Commemorated on the Chattisham War Memorial

The Great War

As they fell

George H Chilvers    24 April 1915

Marcus B Steward    31 May 1916

Samuel C Whittell    31 July 1917

George H Rumsey    13 January 1918

Harry Thorpe    31 March 1918

Horace W Eastall    15 June 1918

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In alphabetical order

Pte George H Chilvers 15290 Ist Bn Suffolk

Died 24 April 1915 aged 22

George Henry Chilvers was born in Cransford in Suffolk and was a farm labourer in Chattisham. He enlisted in Ipswich and served with the Suffolks which fought in the 2nd Battle of Ypres. On 24 April 1915 the Suffolks advanced towards Fortuin in support of Canadian forces who were under heavy attack including the first use of gas. Allied artillery were unaware of the Suffolks' movement and continued to fire towards the enemy lines. The Suffolks lost 263 men as a result of attacks, bombardments and undoubtedly some as a result of “friendly fire.” George has no known grave and is commemorated on Panel 21 on the Menin Gate Memorial (see photograph) in Ypres.

Pte Horace W Eastall 33253 1/5 Royal Warwickshire

Died 15 June 1918 aged 31

Horace William Eastall was born in Pettaugh, Suffolk. He had worked as a groom at Greenway Lodge in Gosbewck, Coddenham. Horace was married to Mrs A Eastall of Chattisham. He enlisted in Ipswich and at first served with The Buffs (East Kent Regiment)) and then became part of the Royal Warwickshire Regiment. Horace is buried at Magnaboschi British Cemetery (see photograph), in the province of Vicenza in Italy.

Pte George H Rumsey 18089 8th Bn Suffolk

Died 13 January 1918 aged 32?

George was born in Chattisham in 1887. His father, William, was a farm labourer and his mother was Susan. In his early teens he was living with his sister Charlotte and her husband in Mill Hill, London and earning his living as a domestic gardener. He enlisted in Mill Hill and joined the 8 Bn of the Suffolk Regiment and arrived in France on 4 October 1915. He was killed in action and is buried at Canada Farm Cemetery (see photograph) nr Ypres. The cemetery was named after a farmhouse which was turned into a dressing station in 1917.

Stoker 1st Class Marcus B Steward K/14639 Royal Navy (HMS Queen Mary)

Died 31st May 1916 aged 27

Marcus Steward was the son of Henry and Ellen who lived at "Crossway," Hadleigh Road, Sproughton. He was born in Washbrook in Suffolk. Marcus served on HMS Queen Mary. She was the last battle-cruiser to be built before war broke out.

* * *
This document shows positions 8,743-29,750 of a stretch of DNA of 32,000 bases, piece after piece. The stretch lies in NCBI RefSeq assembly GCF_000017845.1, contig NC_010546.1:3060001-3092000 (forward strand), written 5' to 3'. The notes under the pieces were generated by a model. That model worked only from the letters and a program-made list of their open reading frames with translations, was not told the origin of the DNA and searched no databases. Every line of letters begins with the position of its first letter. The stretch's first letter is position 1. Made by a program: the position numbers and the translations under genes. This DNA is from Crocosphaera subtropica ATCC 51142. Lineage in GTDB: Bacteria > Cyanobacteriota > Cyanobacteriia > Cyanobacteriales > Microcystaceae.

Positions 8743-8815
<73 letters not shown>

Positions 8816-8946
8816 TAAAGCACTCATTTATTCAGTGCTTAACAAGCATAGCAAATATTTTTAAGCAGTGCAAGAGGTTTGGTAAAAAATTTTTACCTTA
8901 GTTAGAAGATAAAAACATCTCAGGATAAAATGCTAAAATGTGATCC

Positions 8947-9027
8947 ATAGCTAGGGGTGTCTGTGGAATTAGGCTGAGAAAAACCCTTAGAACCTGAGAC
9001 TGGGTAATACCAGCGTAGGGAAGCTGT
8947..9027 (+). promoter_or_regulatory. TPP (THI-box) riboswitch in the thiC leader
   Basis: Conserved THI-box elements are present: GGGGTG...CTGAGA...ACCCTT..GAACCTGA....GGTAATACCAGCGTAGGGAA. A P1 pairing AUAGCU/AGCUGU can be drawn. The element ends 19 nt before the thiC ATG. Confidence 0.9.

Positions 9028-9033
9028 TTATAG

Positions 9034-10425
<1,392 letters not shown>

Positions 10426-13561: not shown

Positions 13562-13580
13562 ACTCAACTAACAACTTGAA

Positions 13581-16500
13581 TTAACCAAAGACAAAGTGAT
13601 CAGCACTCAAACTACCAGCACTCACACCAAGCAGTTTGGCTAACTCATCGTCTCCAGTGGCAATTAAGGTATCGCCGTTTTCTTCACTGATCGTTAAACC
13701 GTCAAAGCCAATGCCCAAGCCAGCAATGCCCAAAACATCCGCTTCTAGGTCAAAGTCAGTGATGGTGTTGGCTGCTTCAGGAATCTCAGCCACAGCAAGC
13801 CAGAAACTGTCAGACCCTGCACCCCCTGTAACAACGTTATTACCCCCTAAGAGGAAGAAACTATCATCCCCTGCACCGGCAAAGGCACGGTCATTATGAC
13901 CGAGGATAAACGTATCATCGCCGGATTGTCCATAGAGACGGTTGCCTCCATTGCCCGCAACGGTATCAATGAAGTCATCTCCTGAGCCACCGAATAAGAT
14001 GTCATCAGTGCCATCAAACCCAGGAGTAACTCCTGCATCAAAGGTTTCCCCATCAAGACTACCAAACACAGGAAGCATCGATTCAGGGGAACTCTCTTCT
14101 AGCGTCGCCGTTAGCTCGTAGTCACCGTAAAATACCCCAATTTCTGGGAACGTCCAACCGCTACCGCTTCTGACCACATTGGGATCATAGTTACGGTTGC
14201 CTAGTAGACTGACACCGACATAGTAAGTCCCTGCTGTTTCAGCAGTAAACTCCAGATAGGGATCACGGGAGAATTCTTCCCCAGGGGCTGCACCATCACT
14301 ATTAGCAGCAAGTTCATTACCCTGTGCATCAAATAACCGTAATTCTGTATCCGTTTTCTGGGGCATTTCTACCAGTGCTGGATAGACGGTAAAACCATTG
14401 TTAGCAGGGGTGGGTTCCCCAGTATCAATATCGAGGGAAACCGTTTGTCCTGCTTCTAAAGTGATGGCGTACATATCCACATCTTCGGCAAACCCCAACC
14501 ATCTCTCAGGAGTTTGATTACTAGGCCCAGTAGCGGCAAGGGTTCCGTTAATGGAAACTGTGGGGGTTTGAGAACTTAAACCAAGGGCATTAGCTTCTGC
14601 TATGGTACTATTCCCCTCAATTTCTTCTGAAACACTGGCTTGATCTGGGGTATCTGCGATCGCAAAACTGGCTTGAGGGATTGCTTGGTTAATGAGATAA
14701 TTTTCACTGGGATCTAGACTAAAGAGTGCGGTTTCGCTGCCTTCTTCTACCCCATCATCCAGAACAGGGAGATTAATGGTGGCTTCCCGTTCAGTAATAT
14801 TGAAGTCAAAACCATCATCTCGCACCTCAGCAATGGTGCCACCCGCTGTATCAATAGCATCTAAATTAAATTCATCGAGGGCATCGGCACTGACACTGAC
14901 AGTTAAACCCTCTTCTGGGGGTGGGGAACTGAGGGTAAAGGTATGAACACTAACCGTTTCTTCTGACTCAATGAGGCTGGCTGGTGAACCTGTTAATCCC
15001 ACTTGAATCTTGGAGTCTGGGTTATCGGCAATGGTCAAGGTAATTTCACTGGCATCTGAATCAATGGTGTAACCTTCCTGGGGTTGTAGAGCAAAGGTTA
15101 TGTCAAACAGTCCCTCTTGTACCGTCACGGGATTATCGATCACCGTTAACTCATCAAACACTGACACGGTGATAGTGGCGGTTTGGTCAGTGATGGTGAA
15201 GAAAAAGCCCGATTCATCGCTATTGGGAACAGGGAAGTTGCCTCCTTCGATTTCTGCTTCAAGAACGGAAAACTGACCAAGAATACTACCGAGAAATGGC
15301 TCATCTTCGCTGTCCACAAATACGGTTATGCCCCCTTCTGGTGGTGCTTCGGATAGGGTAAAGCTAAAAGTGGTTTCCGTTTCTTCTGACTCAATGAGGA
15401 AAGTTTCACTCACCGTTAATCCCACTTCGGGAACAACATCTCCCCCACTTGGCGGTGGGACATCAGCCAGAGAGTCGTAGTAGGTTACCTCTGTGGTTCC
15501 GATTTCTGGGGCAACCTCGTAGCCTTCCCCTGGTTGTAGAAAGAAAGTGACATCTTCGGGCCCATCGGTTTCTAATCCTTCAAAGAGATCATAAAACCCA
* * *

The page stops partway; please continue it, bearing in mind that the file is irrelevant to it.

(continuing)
The Battle of Jutland took place on the 31st May 1916 and lasted for 16 hours. HMS Mary was hit by a massive shell at 5.24 which resulted in a fire and at 5.25 there was an enormous explosion. Witnesses described how the explosion resulted in the battle cruiser being “vaporised”.

1,226 men were lost and Marcus is commemorated on the memorial at Chattisham Church and on panel 19 of the Portsmouth Naval Memorial.

Pte Harry Thorpe 2247 8th Bn (KIng’s Royal Irish) Hussars

Died 31 March 1918 age unknown

Son of Walter Thorpe of 2086, Chaucer Street, Oak Bay, Victoria, British Columbia, Canada. It's believed Harry came originally from Harwich in Essex and had family connections in Chattisham and Washbrook. Harry is commemorated on panel 3 and 4 on the Pozieres Memorial. The memorial commemorates 14,000 casualties of the UK and 300 of the South African Forces who have no known grave and died on the Somme from 21 March to 7 August 1918. ​

Pte Samuel C Whitell 269728 Hertfordshire Regiment

Died 31 July 1917 aged 32

Samuel Charles Whittell (incorrectly spelt Whittle in some military records) was born in Hintlesham. Samuel’s father, Thomas, was a blacksmith. Samuel was a farm labourer / horseman who lived with his widowed mother Mary and elder brother James in Lower Road, Chattisham. He enlisted in Ipswich in February 1916.

Samuel was killed during the assault on St Julien on the first day of what has become known simply as Passchendaele.  He fought with the Hertfordshire Regiment and 31st July 1917 has gone down as the bloodiest in their history.  250 of 620 men of the Hertfordshire Regiment were killed in an attack on German lines and a further 229 wounded.  On the 100th anniversary of Samuel’s death,  a memorial was unveiled in St Julien commemorating the sacrifice made by the Hertfordshire Regiment.

Samuel is commemorated on the Menin Gate for those with no known grave and at Chattisham in Suffolk.

Opposite a picture of the regiment during WW1 taken from the Herts At War collection.

They Didn’t Believe Me / We’ll Never Tell them

From the soundtrack of Oh What A Lovely War.

And when they ask us, how dangerous it was,
Oh, we'll never tell them, no, we'll never tell them:
We spent our pay in some cafe,
And fought wild women night and day,
'Twas the cushiest job we ever had.

And when they ask us,
and they're certainly going to ask us,
The reason why we didn't win the Croix de Guerre,
Oh, we'll never tell them, oh, we'll never tell them.
There was a front, but damned if we knew where.

HMS Queen Mary - sunk in the Battle of Jutland 31 May 1916

                HMS Queen Mary - sunk in the Battle of Jutland 31 May 1916